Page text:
To describe the evolution of the IT environment I will use a maturity model that we introduced in the blog post “How to manage the cloud journey?”, shaped after two dimensions: scale and complexity. According to our model, if your business is successful, the IT infrastructure that sustains your organization should grow both in scale, hosting increasingly more workloads, and in complexity, hosting an increasingly diversified set of workloads.
To support such evolution, you have two options: hiring at the same pace your infrastructure grows, or empowering your IT organization with a new set of tools that can scale their operational capabilities. Doing nothing isn’t really a viable option because you can’t expect to manage the growing scale and complexity with a mostly flat number of people.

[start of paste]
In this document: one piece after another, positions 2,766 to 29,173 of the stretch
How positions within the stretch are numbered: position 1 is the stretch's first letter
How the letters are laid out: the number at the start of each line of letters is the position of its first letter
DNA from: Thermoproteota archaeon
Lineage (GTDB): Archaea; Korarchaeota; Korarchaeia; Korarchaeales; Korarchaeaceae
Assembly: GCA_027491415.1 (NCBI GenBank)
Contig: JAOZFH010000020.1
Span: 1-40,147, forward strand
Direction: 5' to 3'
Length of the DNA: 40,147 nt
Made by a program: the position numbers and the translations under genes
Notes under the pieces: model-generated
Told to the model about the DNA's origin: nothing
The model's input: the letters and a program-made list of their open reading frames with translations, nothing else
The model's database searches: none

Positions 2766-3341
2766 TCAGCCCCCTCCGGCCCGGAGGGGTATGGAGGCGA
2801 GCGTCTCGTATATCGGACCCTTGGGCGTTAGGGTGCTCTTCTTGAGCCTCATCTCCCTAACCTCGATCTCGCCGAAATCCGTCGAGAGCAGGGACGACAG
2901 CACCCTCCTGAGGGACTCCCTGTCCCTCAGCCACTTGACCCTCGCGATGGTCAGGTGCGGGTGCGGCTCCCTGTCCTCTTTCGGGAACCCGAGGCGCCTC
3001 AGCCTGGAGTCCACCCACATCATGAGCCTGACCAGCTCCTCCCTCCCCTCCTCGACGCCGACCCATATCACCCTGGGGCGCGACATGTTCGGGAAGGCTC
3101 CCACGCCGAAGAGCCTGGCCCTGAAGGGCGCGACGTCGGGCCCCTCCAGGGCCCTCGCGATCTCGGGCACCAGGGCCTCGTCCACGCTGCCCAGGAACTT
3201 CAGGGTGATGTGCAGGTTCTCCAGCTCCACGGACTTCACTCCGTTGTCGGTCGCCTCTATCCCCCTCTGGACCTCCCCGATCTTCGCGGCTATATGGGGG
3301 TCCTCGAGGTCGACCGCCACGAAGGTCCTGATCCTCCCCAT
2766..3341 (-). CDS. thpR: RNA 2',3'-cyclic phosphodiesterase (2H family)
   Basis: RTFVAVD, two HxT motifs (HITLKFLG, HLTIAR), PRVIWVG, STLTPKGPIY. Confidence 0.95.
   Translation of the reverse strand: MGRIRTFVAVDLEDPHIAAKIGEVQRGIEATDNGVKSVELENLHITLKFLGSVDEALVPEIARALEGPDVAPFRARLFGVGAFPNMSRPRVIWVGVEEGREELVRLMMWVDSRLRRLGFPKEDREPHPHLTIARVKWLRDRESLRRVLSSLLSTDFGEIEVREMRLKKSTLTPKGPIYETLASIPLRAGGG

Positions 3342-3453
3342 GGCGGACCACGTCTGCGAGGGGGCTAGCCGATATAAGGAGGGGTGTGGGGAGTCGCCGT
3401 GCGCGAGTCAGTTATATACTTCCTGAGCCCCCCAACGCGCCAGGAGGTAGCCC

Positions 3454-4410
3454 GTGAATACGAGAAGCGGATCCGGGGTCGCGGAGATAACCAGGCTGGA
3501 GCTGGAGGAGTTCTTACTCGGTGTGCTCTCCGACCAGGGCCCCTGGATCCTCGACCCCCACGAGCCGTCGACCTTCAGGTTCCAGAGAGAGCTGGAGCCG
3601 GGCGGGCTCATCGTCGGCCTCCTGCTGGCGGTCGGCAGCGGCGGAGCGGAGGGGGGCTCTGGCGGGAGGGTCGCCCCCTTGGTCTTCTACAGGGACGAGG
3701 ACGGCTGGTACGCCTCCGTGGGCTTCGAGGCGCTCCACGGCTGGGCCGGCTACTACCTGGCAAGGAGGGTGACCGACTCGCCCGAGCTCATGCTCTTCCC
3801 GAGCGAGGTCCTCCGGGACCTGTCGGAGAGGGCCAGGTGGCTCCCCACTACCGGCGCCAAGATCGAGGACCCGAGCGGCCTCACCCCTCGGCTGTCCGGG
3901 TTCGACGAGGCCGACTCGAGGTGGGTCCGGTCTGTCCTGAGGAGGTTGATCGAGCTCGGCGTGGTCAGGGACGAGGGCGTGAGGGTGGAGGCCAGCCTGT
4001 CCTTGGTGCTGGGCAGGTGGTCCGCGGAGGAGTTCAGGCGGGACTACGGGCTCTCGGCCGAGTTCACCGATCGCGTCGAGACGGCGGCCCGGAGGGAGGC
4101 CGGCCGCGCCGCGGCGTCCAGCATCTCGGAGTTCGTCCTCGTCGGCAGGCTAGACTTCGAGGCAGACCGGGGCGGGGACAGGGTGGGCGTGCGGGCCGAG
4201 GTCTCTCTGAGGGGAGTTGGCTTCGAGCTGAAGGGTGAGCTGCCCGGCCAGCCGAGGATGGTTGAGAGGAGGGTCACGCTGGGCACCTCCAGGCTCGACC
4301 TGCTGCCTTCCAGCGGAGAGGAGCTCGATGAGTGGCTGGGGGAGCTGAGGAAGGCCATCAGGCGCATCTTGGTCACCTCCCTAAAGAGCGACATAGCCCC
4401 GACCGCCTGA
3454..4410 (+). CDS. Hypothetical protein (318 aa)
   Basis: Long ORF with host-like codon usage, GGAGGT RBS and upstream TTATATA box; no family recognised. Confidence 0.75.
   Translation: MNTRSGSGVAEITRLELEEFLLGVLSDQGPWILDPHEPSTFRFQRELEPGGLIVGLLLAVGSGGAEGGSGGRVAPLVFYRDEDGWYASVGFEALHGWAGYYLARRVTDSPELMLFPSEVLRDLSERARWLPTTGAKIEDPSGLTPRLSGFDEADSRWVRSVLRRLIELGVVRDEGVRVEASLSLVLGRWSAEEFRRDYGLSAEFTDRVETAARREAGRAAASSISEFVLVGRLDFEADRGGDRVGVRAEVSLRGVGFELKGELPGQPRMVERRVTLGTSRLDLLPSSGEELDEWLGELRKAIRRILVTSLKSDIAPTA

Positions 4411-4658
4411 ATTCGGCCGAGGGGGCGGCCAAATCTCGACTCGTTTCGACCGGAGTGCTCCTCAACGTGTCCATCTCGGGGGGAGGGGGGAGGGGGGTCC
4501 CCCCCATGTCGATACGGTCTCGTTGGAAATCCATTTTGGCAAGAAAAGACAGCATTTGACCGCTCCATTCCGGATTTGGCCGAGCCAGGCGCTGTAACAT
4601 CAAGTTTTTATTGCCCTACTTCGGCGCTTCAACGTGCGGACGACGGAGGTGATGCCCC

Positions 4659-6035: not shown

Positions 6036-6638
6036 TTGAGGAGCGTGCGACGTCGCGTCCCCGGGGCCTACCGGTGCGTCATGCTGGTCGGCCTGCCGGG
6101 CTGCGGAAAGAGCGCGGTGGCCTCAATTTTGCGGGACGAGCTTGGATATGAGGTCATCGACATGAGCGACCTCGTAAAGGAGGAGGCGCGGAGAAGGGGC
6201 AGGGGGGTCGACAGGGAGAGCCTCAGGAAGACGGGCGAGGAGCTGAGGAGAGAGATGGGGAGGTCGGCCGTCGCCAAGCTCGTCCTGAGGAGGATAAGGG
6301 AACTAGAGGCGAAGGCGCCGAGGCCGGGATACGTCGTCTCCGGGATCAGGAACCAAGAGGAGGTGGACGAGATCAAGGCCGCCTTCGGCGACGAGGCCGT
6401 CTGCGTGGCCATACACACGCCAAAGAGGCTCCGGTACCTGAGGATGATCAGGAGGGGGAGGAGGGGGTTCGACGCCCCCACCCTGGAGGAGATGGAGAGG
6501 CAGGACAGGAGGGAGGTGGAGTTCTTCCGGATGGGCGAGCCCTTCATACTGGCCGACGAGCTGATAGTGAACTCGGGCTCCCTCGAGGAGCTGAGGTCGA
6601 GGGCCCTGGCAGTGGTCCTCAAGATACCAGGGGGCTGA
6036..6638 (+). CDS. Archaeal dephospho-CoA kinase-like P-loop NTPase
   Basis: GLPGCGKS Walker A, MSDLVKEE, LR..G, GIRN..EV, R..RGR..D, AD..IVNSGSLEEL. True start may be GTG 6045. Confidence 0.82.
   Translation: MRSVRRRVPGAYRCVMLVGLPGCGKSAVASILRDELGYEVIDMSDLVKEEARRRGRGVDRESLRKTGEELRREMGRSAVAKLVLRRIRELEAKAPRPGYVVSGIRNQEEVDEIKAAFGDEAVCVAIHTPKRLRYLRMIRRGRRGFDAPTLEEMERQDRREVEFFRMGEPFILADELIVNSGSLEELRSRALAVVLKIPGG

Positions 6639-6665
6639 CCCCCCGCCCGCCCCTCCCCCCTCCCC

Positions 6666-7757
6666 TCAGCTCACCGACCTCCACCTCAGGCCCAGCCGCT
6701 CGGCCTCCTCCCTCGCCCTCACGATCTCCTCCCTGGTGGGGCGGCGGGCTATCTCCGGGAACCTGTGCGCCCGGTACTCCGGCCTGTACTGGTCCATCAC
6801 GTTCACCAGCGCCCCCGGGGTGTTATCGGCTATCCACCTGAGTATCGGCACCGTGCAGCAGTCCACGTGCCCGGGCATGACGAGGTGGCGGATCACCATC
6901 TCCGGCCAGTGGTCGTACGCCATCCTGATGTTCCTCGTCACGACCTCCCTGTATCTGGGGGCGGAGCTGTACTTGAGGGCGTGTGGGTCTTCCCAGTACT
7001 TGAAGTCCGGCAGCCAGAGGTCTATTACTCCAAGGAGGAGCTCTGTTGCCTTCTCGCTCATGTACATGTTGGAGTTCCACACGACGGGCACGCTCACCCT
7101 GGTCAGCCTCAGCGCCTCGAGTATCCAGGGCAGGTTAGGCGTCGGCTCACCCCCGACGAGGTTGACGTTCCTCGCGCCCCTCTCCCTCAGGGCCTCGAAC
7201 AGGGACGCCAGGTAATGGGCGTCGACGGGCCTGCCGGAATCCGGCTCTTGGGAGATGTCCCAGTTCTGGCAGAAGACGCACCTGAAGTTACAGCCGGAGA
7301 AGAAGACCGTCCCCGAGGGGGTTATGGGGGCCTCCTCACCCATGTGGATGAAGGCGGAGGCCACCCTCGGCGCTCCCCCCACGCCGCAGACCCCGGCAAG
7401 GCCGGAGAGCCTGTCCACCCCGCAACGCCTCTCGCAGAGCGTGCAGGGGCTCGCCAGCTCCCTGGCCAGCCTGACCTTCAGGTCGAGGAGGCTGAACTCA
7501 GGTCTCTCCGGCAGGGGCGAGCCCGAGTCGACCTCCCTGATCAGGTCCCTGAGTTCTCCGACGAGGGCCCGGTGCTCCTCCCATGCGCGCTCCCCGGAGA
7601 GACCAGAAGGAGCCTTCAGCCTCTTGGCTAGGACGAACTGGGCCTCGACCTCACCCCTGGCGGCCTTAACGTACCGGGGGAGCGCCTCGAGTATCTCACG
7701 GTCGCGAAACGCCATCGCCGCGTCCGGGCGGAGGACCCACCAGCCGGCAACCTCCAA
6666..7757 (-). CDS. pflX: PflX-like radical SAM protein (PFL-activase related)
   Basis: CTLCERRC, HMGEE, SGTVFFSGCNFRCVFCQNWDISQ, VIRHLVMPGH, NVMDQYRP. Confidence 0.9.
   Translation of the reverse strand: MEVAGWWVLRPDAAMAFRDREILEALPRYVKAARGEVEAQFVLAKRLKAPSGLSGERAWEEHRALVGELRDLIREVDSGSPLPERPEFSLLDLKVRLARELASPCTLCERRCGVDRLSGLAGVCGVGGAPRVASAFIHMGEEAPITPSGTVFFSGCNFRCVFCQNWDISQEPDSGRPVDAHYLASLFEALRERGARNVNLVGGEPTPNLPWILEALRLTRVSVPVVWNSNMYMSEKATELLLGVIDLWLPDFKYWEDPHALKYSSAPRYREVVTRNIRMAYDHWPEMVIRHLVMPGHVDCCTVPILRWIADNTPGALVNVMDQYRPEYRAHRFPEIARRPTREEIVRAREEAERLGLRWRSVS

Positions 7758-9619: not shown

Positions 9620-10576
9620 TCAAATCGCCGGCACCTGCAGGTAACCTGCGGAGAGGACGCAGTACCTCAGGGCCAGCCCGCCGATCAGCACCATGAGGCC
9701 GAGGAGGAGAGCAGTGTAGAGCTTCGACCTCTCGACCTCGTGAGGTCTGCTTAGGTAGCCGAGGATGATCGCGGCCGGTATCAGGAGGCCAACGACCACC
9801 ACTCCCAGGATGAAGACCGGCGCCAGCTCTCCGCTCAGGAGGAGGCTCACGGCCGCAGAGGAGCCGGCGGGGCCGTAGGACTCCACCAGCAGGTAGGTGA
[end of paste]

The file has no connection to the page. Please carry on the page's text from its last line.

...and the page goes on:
To give you more context, I will use the research on the TCO for a private cloud based on OpenStack that we published last year. Some of the data we used in this research comes from the Server Support Staffing Ratios report published by Computer Economics, Inc. The study found that a large organization*, with an average level of automation, supports 46 operating system instances (mix of physical and virtual) per system administrator while the same large organization, with high levels of automation, supports 101 instances per admin.
In our research, we assumed the number of workloads doubling each and every year. Hypothetically, in a similar situation, if you decide not to invest on automation, you should be doubling your operations staff as well.
Matching a similar pace from a hiring perspective can be extremely hard, if not impossible, due to a number of factors: limited OPEX budget, slow hiring process, scarcity of skilled resources on the market, and more.